Florian Michahelles Wins MUM 2022 Ten Year Impact Award
Michahelles and his colleagues were honored for their influential work on mobile applications that assess driving behavior.
On This Page
The Ten Year Impact Award at the 21st International Conference on Mobile and Ubiquitous Multimedia (MUM 2022) from November 27–30, 2022, went to Florian Michahelles, Coordinator of the CAIML Special Interest Group for Human-Centered AI, Professor for Ubiquitous Computing at the Research Unit for Artifact-based Computing and User Research of TU Wien, and his colleagues from the University of St. Gallen and ETH Zürich.
Their paper on Driving behavior analysis with smartphones: insights from a controlled field study withstood the test of time – and was honored by the MUM 2022 committee for its influential findings.
We evaluate a mobile application that assesses driving behavior based on in-vehicle acceleration measurements and gives corresponding feedback to drivers. In the insurance business, such applications have recently gained traction as a viable alternative to the monitoring of drivers via “black boxes” installed in vehicles, which lacks interaction opportunities and is perceived as privacy intrusive by policyholders. However, pose uncertainty and other noise-inducing factors make smartphones potentially less reliable as sensor platforms. We therefore compare critical driving events generated by a smartphone with reference measurements from a vehicle-fixed IMU in a controlled field study. The study was designed to capture driver variability under real-world conditions, while minimizing the influence of external factors. We find that the mobile measurements tend to overestimate critical driving events, possibly due to deviation from the calibrated initial device pose. While weather and daytime do not appear to influence event counts, road type is a significant factor that is not considered in most current state-of-the-art implementations.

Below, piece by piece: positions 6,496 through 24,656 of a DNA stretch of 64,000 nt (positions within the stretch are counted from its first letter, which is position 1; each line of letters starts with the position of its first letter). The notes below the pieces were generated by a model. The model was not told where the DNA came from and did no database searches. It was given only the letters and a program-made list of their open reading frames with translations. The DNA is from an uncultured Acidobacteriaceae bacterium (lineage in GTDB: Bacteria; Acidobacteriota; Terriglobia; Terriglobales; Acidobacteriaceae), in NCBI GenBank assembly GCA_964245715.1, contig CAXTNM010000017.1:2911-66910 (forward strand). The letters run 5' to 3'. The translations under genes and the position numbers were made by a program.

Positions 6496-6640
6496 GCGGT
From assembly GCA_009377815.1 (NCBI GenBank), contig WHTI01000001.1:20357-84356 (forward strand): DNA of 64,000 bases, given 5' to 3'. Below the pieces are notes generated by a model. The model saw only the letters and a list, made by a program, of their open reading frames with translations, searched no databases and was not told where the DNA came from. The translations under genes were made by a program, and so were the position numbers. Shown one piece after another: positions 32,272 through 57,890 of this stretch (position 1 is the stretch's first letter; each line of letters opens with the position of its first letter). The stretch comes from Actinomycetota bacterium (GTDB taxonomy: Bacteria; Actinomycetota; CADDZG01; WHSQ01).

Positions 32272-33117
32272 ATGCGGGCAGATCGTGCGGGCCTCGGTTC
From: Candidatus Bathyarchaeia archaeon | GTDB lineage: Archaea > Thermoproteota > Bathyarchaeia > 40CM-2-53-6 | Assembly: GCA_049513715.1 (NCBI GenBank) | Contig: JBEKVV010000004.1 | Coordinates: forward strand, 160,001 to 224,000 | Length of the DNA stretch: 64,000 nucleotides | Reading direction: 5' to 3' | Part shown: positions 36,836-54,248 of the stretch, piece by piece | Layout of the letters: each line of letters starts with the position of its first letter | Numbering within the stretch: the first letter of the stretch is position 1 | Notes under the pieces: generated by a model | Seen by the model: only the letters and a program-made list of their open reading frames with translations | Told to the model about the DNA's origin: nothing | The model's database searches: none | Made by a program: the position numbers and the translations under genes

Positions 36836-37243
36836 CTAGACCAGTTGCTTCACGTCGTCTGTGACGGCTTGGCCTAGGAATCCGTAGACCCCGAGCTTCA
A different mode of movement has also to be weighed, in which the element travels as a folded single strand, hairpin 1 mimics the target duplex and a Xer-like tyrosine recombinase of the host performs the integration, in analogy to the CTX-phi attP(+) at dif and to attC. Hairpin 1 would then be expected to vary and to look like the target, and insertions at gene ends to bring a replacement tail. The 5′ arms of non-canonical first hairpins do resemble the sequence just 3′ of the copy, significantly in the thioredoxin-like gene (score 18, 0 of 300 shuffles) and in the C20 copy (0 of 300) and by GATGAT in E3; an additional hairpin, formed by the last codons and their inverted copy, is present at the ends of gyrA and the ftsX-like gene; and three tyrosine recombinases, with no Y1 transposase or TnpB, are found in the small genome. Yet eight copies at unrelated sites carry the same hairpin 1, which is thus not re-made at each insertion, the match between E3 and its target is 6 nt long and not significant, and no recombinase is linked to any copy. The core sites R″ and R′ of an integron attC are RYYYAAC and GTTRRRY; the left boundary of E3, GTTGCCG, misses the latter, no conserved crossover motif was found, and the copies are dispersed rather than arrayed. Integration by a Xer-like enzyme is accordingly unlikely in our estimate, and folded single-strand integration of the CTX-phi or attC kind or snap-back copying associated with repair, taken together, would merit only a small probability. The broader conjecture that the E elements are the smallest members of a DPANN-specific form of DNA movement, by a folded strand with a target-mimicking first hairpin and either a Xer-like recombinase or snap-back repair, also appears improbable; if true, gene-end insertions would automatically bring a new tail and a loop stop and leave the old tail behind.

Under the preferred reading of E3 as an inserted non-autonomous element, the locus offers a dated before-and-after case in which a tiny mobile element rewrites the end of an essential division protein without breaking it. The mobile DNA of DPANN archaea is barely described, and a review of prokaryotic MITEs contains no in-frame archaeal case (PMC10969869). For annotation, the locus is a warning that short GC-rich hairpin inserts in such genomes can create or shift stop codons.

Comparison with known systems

About Florian Michahelles
Florian Michahelles has joined TU Wien Informatics as a full professor in 2020. Previously, he was head of research group at Siemens Corporation in Berkeley/CA, associate director of the Auto-ID Labs at ETH Zurich, a visiting researcher at Keio University, and MIT Sloan visiting fellow. He holds a Ph.D. from ETH Zurich and an MSc from the Ludwig-Maximilians University Munich in Computer Science. Florian Michahelles has a strong foothold in entrepreneurship and the management of innovation. Already as a student, he was engaged at CDTM, he further participated in MIT’s E-Lab, is co-founder of 42matters, co-organizer of intrapreneurship events at Siemens, and has several years of experience in mentoring startups in the Bay Area.
Michahelles is interested in applying technology to support humans in their tasks and activities while keeping the human user in control. How can we wrap computing capabilities into proactive services, how can we leverage AI to free users from routine and mundane tasks and let them focus on what we humans usually are best at – creativity, problem-solving, critical thinking, and social collaboration? To Florian Michahelles, the answer is clear: By developing new artifacts and prototypes in order to experience and evaluate novel concepts of human-machine collaboration. And by inviting students, research collaborators, and partners from the industry to join us in this endeavor.